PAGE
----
Missed Moments from Phones to Fundraising

Walt’s bench

Disneyland, the legend goes, started on this bench. A bench that now sits just inside the Opera House near the park’s entrance. If not for the flashes of insight and inspiration that occurred on this bench, the legend goes, Disneyland may not exist today.

“Disneyland really began,” Walt once said, “when my two daughters were very young. Saturday was always Daddy’s Day, and I would take them to the merry-go-round and sit on a bench eating peanuts while they rode. And sitting there, alone, I felt there should be something built, some kind of family park where parents and children could have fun together.”

I think about Walt and his bench often.

Less for inspiration about what could be, more as a cautionary tale for what might not.

You see, if Walt were sitting on that bench today he would be far more likely to have a phone in his hand than a bag of peanuts. And as his girls whirled and screamed whizzing around the merry-go-round, Walt would be far more likely to be scrolling Facebook or Twitter or Instagram or Pinterest or Snapchat or Fortnite or...

The flash of inspiration that came as his mind began to wander may have never sparked in a world filled with deeply distracting devices. As a result, Disneyland is a story of what is, not what might have been or what never was.

I was reminded of Walt’s bench last week in conversation with my friend Ryan Smith, CEO of Qualtrics. As we explored the history of his company and the decade they spent bootstrapping, we both kept lingering around an idea neither of us could quite articulate.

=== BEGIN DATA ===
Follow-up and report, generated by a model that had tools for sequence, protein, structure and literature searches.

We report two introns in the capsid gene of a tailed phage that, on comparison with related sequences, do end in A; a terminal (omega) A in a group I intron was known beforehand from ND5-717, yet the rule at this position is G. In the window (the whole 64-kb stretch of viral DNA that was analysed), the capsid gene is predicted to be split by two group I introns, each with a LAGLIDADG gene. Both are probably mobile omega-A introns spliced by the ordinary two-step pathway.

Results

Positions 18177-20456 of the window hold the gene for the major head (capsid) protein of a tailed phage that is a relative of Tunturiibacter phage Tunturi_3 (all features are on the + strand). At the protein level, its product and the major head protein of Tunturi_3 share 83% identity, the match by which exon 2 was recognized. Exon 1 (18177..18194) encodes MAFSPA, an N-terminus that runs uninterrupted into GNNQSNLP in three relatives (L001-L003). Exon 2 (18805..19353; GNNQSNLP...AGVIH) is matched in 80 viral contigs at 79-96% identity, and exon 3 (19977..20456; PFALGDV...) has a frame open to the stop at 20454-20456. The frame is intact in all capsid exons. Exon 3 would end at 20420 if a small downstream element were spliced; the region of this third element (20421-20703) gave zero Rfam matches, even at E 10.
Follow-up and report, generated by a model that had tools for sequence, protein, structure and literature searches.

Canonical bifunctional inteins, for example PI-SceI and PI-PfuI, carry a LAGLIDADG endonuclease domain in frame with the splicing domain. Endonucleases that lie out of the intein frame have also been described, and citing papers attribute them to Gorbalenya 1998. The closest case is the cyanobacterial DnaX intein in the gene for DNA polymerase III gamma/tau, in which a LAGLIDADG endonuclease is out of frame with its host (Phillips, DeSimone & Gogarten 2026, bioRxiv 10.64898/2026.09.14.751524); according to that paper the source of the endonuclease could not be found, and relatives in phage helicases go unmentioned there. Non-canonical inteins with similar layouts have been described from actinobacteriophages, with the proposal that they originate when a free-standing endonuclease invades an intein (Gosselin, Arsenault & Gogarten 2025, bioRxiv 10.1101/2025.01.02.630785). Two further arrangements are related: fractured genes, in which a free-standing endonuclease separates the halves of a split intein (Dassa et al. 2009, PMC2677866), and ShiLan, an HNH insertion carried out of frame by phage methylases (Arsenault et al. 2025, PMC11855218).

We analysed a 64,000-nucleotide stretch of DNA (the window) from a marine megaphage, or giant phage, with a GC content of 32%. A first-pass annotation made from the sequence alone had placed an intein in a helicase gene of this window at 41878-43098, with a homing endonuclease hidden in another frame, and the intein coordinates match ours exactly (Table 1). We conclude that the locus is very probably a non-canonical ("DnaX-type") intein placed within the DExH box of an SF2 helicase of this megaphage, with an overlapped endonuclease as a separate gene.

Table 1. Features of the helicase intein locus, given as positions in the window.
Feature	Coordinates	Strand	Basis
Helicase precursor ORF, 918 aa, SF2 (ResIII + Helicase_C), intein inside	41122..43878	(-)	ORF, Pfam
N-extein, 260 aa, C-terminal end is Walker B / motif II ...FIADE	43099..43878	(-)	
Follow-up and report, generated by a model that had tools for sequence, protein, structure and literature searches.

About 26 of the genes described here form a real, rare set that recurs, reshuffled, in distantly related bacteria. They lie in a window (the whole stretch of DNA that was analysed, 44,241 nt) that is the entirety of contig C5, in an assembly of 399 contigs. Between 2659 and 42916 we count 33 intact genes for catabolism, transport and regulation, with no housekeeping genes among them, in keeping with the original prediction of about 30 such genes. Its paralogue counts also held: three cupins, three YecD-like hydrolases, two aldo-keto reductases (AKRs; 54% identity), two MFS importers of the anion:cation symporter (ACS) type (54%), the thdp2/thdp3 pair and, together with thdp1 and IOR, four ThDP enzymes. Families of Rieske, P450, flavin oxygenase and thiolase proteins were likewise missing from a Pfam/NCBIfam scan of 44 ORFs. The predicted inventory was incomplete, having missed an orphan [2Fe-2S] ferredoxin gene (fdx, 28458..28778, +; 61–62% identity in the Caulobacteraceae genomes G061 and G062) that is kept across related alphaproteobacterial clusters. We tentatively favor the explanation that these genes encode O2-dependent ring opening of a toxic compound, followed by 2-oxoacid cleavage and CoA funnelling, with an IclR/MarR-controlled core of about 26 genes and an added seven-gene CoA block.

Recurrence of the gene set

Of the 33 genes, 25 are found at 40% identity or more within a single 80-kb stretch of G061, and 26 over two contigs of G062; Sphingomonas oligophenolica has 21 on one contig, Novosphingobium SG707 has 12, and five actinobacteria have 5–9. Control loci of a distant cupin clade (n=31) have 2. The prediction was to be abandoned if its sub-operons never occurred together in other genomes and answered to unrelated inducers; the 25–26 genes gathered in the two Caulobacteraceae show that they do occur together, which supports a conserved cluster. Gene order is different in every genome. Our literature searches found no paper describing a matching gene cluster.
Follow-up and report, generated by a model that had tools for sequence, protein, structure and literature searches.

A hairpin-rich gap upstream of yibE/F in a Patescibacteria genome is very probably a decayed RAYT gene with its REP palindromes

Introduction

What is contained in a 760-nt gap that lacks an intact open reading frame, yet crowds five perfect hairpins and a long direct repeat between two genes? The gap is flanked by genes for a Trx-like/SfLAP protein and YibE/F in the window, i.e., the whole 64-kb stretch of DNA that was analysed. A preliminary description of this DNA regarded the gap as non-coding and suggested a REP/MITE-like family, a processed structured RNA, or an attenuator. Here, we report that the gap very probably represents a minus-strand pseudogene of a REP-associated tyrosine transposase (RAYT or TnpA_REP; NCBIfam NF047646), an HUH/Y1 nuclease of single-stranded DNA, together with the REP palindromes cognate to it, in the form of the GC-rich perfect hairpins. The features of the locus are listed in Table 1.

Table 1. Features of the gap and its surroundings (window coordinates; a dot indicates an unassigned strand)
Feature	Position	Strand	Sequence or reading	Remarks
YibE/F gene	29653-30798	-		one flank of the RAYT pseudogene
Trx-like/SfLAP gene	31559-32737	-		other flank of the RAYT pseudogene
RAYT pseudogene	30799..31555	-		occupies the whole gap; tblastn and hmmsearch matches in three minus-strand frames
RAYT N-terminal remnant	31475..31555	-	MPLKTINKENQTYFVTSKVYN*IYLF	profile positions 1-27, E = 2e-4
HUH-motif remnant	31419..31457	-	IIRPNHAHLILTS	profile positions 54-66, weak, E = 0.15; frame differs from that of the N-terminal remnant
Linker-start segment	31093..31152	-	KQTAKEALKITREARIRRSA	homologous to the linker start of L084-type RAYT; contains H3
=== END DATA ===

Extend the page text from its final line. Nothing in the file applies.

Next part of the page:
There was a massive benefit to the bootstrapping years of Qualtrics. In fact, Ryan would argue that the organizational muscle memory built during those lean years is what has allowed them to be so successful as they’ve scaled. There’s a creativity and scrappiness required when resources are constrained that can’t be taught, it must be lived. Instincts and ideas that led to the success of Qualtrics were often at odds with the conventional wisdom of the valley. Knowing what worked for them created a confidence to continue making bold, counterintuitive bets long after they raised traditional venture funding despite raised eyebrows from their VCs.

Yet, in the face of all of the real and tangible benefits of constraints and scrappiness, how do you get founders to experience something they are seeking so actively to avoid?

That’s the question than hung in the air for us both.

That’s the question that led my mind back to Walt’s bench.

With so many founders distracted or enamored with fundraising, it feels like there may be many that are missing the merry-go-round. It isn’t an obvious distraction and there aren’t necessarily near term effects. Like the addiction we have to our phones, there’s a subtly to it that’s hard to convey.

Would Walt have been looking at his phone and missed the spark for Disneyland? Might founders be so distracted with fundraising, or deploying the cash they’ve raised, they miss out on the long term benefits that come learning to thrive through years of scrappiness and constraints?

The only way to know for sure is to put down the phone, or step away from the pitch deck, and start living through it to find out.